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An Unbearable Descent Into Hell: WWE As An Essential Business

I want to start by going back to 2018, when World Wrestling Entertainment was last the center of national and international scorn. You may remember 2018’s Crown Jewel event, broadcast live from Riyadh, Saudi Arabia exactly one month after the state carried out the assassination of Washington Post journalist Jamal Khashoggi in their embassy in Istanbul, Turkey. This was early on in WWE’s 10 year deal with the country, signed as one of many initiatives meant to soften Saudi Arabia’s reputation with the rest of the world at large. After the Greatest Royal Rumble, a propaganda-laden spectacle largely remembered for Titus O’Neil’s slip and fall accident on his way to the ring, it was pretty clear that WWE would do whatever they were asked by the country, but this was different—an assassination carried out on foreign soil. And yet, WWE ran the show.

Why is it important to go back to 2018 to discuss the company’s response to the COVID-19 pandemic?

For one, it’s the last time I can recall that major news media covered the company’s decision-making. John Oliver, having already eviscerated the company’s classification of performers as independent contractors, returned to the issue when covering Saudi Arabia. The BBC, Washington Post, Sports Illustrated, Fox Business, The New York Times and dozens of other outlets linked WWE’s name and reputation to the assassination of Khashoggi, both in the immediate aftermath and in the year and a half since. Members of Congress asked them to reconsider running the show. None of it mattered. They went to Saudi Arabia, took the heat, absorbed the momentary dip in their stock valuation, and continued on, the Saudi shows as valuable to their bottom line as WrestleMania.

WWE is back in mainstream news this week with the announcement by Florida governor Ron DeSantis that the company is an essential business, its workers essential employees, and their shows, most of them live and in living color, an essential service. This is, in a word, bullshit. We’ll deal with DeSantis’ statement in a moment. But what’s important to establish first is this: World Wrestling Entertainment is running live wrestling because it thinks it can weather the onslaught of media scrutiny and public scorn. Given their past history—the Khashoggi assassination, the Benoit murders/suicide, Owen Hart’s death, the early deaths of dozens of in-ring performers, the 1994 steroid trial, the 1992 ring boy scandal, and plenty more—they’re probably right.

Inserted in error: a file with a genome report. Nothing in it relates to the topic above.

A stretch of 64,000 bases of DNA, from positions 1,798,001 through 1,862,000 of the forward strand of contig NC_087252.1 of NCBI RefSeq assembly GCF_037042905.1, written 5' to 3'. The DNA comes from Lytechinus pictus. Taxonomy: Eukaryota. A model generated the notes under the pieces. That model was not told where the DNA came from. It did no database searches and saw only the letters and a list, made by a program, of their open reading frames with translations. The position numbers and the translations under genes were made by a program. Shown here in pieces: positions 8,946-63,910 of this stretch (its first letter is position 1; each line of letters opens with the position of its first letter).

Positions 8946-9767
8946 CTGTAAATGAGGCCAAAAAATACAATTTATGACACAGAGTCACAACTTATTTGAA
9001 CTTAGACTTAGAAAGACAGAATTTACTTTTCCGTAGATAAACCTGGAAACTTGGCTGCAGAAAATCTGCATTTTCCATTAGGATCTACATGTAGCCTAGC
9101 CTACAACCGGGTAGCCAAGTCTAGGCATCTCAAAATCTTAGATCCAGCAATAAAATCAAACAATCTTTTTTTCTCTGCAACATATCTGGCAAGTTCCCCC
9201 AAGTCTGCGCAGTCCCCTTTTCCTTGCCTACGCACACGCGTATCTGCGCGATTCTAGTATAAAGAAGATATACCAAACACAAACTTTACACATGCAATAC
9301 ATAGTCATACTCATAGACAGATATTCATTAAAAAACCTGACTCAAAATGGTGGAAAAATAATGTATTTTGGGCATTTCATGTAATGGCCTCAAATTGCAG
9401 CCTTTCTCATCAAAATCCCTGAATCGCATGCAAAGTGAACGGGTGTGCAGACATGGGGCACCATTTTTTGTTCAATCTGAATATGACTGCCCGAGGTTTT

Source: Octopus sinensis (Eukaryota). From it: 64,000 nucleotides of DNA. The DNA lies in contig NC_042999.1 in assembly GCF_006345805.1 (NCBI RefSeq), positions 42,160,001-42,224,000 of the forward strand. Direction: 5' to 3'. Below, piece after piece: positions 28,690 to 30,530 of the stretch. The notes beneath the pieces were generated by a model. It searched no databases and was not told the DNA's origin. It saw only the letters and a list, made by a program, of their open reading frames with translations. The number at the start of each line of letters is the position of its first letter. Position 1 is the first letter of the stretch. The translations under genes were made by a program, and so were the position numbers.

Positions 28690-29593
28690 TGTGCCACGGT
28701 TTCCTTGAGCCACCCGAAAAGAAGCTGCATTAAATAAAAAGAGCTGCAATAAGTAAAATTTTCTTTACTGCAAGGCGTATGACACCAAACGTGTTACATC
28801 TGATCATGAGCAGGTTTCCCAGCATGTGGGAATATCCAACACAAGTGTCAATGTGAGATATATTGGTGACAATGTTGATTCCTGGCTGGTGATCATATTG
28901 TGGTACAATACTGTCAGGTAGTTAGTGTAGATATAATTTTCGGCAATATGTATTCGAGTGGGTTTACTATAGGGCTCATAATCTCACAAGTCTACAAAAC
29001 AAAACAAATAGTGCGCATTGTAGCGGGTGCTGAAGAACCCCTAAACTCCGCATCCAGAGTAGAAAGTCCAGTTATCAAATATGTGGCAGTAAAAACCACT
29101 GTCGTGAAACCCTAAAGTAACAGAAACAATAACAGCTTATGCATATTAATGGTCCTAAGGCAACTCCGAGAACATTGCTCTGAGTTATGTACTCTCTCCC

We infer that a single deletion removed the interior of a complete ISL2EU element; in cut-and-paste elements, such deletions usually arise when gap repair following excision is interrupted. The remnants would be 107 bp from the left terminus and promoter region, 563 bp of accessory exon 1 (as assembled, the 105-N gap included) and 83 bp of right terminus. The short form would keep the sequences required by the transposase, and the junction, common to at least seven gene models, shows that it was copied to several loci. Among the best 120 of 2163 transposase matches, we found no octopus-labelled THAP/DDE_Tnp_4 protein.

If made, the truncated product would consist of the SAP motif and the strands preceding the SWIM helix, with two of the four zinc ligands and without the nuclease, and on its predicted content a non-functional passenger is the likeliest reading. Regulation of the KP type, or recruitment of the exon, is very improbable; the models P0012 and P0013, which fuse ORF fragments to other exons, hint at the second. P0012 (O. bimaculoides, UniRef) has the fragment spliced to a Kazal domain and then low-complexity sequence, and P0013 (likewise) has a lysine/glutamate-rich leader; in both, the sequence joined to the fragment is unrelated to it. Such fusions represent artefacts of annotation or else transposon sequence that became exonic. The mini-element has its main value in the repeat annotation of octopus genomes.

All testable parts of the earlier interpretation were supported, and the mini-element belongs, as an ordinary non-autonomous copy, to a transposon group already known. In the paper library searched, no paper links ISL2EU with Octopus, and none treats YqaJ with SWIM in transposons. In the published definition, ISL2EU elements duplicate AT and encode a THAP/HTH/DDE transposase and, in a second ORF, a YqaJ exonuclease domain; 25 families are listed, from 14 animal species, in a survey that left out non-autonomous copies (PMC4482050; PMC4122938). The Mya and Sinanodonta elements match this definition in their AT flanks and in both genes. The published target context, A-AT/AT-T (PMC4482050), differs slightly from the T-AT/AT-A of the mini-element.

But this—continuing to run shows during a pandemic that has shut down sports leagues larger and more ingrained into the broad collective consciousness—is something else. It’s an encapsulation of everything that’s ever been wrong with the WWE, from its labor issues to its political ties to its utter inability to read the room. Enjoying professional wrestling involves making some hazy moral decisions—that’s true of every sport where an athlete risks life-shortening damage on the field—but now WWE has brought the “It’s unquestionably wrong to watch this” vibe of its Saudi Arabia megacards to each of its four weekly shows. To paraphrase Uproxx regular and Fanfyte contributor Emily Pratt, the question wrestling fans should ask themselves is no longer “is this good,” but “is this worth somebody maybe dying to produce?”

More Pro Wrestling:

What is essential labor? What is an essential business?

One of the phrases you may have heard during this pandemic is “workers on the front lines.” Those people are all over the map, so far as salary and perceived value of labor is concerned, from doctors to grocery clerks, factory workers to custodial staff. It’s pretty easy to figure out what an essential business is, and thus what essential labor looks like right now: Imagine your local hospital shutting down, every grocery store closing, the Post Office running out of money. Life, both locally and nationally, would be altered on an almost inconceivable scale.